4. 2. Methods
  5. 3. Results
  6. 4. Discussion
  7. 5. Conclusions
  8. Acknowledgments
  9. References

2.1. General Settings

[5] To test the influence of these perturbations in the carbonate factory on atmospheric CO2 and climate, we carried out a suite of simulations with the GEOCLIM model [Donnadieu et al., 2006, 2009; Godderis et al., 2008]. The numerical model GEOCLIM couples a 3D general circulation model (FOAM) to a model of the biogeochemical cycles of carbon, alkalinity, oxygen and phosphate (COMBINE) (see Donnadieu et al. [2006] for a full description). The COMBINE model has been upgraded since its original version [Godderis and Joachimski, 2004]. The geometry of the ocean has been changed, and the model now includes 9 oceanic boxes divided into, 2 high-latitude oceans (each including a photic zone and a deep ocean reservoirs), a low- to middle-latitude ocean (with a photic zone, thermocline and deep oceanic reservoirs) and an epicontinental sea (with a photic zone and a deep epicontinental reservoirs), and one box for the atmosphere. Exchange water fluxes between boxes are tuned to fit the present-day vertical distribution of the oxygen, DIC and alkalinity in the low-to-middle-latitude ocean. The atmospheric component of FOAM is a parallelized version of NCAR's Community Climate Model 2 (CCM2) with the upgraded radiative and hydrologic physics incorporated in CCM3 v. 3.2. The atmosphere runs at R15 spectral resolution (4.5° × 7.5°) with 18 levels. We use FOAM in mixed-layer mode, i.e., the atmospheric model is linked to a 50 m mixed-layer ocean, which parameterizes heat transport through diffusion, mainly for computation time considerations. A full coupling between COMBINE and FOAM cannot be achieved owing to excessive computation times. Hence we adopt an indirect coupling that employs lookup tables from a catalog of simulations. For a given paleogeography we run a suite of FOAM experiments (30 years for each to reach the steady state) in which the only factor that varies is atmospheric CO2. Atmospheric CO2 is tested over a range from 4200 to 200 ppm, which covers all plausible atmospheric CO2 content for the Mesozoic time period. We linearly interpolate between experiments to obtain climatic variables (temperature and runoff) for any CO2 value within our CO2 range. These climatic parameters allow the calculation of the weathering rates within the 1920 grid elements using weathering laws linking climatic factors (temperature and runoff) to CO2 consumption through silicate weathering. We want to emphasize here that phosphorus flux from the continents are also calculated through the climatic dependency of the continental weathering. Fixing the CO2 degassing to a given constant value, the numerical feedback loop between FOAM and COMBINE is run until a steady state PCO2 is reached. Each continental configuration is thus finally characterized by a steady state atmospheric PCO2. The MLJT land-ocean distribution used here is derived from a synthesis of paleomagnetic data, hot spot tracks and geologic constraints [Besse and Courtillot, 2002; Dercourt et al., 1993]. Surface types are set to average model surface characteristics (i.e., deciduous forest) and the Earth's orbit around the Sun is circular (eccentricity = 0) and the Earth's obliquity is 23.5° (this setting leads to an equal annual insolation for both hemispheres). Solar luminosity is assumed to evolve through time according to the stellar evolution models [Gough, 1981]. As described by Donnadieu et al. [2006], the long-term steady state atmospheric CO2 level characterizing the Middle Jurassic paleogeography is 700 ppm (see Figure 1 also). In other words, 700 ppmv of CO2 are required in the Middle Jurassic for the calculated silicate weathering to balance the prescribed solid Earth degassing. Note that because there is no consensus about the Earth degassing rate for the last 200 million years, we choose to keep it constant at its present-day value, assuming the present-day equality between CO2 consumption by continental silicate rock weathering (6.8 × 1012 moles CO2/yr today [Gaillardet et al., 1999]) and CO2 degassing. In contrast to previous investigations of the past climatic and geochemical evolution of the Earth system with the GEOCLIM model, GEOCLIM is run dynamically in this study. This means that the long-term steady state of the carbon cycle, requiring the close balance between silicate weathering and solid Earth degassing, is not prescribed. Over the course of the simulation, and depending on the dynamics of the alkalinity, and organic and inorganic carbon cycles, significant departures between silicate weathering and solid Earth degassing are calculated [Walker et al., 1981].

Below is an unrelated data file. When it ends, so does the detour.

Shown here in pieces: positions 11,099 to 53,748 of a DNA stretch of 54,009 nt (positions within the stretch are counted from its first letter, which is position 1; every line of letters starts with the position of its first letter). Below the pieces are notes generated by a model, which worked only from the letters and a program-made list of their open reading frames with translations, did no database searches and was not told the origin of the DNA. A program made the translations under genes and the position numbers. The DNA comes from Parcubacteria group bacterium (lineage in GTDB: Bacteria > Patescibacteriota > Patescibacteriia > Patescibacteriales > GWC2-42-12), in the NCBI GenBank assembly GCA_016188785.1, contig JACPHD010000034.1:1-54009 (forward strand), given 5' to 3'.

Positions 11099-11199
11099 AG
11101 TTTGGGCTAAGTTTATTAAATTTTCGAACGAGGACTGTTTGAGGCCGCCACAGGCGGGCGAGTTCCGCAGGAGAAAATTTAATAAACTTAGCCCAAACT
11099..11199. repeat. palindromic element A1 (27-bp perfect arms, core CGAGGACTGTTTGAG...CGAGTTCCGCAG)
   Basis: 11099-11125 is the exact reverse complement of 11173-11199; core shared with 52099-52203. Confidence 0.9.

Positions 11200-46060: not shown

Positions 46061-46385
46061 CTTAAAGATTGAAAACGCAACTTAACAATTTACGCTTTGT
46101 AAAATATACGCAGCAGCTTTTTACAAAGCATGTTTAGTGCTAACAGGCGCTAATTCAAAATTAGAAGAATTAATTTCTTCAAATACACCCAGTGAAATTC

image